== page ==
The fact that Peter Jackson, the director of this cheerfully repulsive alien-cannibal comedy, went on to win multiple Oscars fifteen years later is one of the finer ironies of Academy history.It certainly makes good on its title. Ravenous extra-terrestrials (“No glowing fingers on these bastards,” growls Jackson as Derek, member of the Astral Investigation and Defense Service) land in New Zealand, assume human form, and commence converting the locals into fast food. It’s up to our boys in the A.I.D.S. to put a stop to it.
Twenty-two when he first began shooting this on weekends in 1983, Jackson scraped together $400,000, gathered friends from his newspaper job, and shot in 16mm, doing half of everything himself. Here, Jackson inaugurated the style of “splatstick” (partly inspired by such sanguinary Monty Python sketches as “Sam Peckinpah’s Salad Days”) that would serve him well later. At the time, Jackson said he didn’t want to presume to the thrones of Sam Raimi, George Romero, or Stuart Gordon; but in Bad Taste he outsplats all three, crafting the ultimate “Bunch of Guys Set Out to Make the Grossest, Coolest Movie Ever” project.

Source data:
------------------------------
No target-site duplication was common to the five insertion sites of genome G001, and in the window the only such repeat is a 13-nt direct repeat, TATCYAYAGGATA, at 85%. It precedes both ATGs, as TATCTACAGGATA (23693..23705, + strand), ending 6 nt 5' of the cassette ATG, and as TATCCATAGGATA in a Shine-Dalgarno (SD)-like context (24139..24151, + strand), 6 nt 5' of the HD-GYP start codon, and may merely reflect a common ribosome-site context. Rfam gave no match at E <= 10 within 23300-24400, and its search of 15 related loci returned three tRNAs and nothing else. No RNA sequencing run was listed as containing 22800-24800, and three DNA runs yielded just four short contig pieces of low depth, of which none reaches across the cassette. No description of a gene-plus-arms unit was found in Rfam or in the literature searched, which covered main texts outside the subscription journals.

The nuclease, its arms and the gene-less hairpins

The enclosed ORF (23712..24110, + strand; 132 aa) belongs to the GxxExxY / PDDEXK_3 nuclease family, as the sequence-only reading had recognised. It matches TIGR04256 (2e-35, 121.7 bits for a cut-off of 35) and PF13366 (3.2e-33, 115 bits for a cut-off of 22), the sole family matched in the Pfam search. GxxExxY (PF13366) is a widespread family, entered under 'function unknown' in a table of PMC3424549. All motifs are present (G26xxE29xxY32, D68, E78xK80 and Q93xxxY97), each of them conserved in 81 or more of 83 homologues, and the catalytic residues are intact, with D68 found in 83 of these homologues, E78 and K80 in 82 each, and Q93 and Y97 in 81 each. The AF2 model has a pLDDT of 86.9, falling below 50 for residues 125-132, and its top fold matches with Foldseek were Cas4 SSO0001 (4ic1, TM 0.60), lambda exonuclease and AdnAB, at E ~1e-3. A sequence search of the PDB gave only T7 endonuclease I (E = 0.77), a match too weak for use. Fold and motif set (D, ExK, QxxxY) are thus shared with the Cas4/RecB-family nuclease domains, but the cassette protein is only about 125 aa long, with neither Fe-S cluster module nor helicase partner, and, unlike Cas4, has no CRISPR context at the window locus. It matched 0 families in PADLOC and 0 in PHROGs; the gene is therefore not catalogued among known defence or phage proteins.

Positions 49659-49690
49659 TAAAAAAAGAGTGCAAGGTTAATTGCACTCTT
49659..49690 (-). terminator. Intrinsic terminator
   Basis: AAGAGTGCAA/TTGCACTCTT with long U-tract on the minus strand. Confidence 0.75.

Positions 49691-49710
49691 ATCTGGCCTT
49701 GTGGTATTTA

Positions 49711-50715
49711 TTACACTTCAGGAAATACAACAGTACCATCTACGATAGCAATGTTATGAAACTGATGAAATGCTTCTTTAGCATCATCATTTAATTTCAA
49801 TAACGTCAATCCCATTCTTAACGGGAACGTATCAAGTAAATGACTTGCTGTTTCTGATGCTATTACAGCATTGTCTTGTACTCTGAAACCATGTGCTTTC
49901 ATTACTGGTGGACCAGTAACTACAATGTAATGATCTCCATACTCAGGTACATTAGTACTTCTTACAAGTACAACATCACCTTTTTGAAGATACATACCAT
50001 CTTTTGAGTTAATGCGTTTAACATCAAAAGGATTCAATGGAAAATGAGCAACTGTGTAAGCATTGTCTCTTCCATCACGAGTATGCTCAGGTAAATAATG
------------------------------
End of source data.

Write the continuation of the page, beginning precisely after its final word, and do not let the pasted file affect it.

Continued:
Like Raimi, Jackson was never a horror director so much as a comedy director — even the most disgusting passages (“Aren’t I lucky,” beams an alien as he sucks down a bowl of steaming vomit, “I got a chunky bit”) and scenes of ultra-violence are timed for laughs, not shock.I want this Peter Jackson back. The Peter Jackson who could make a fun, short movie for peanuts. Don't you?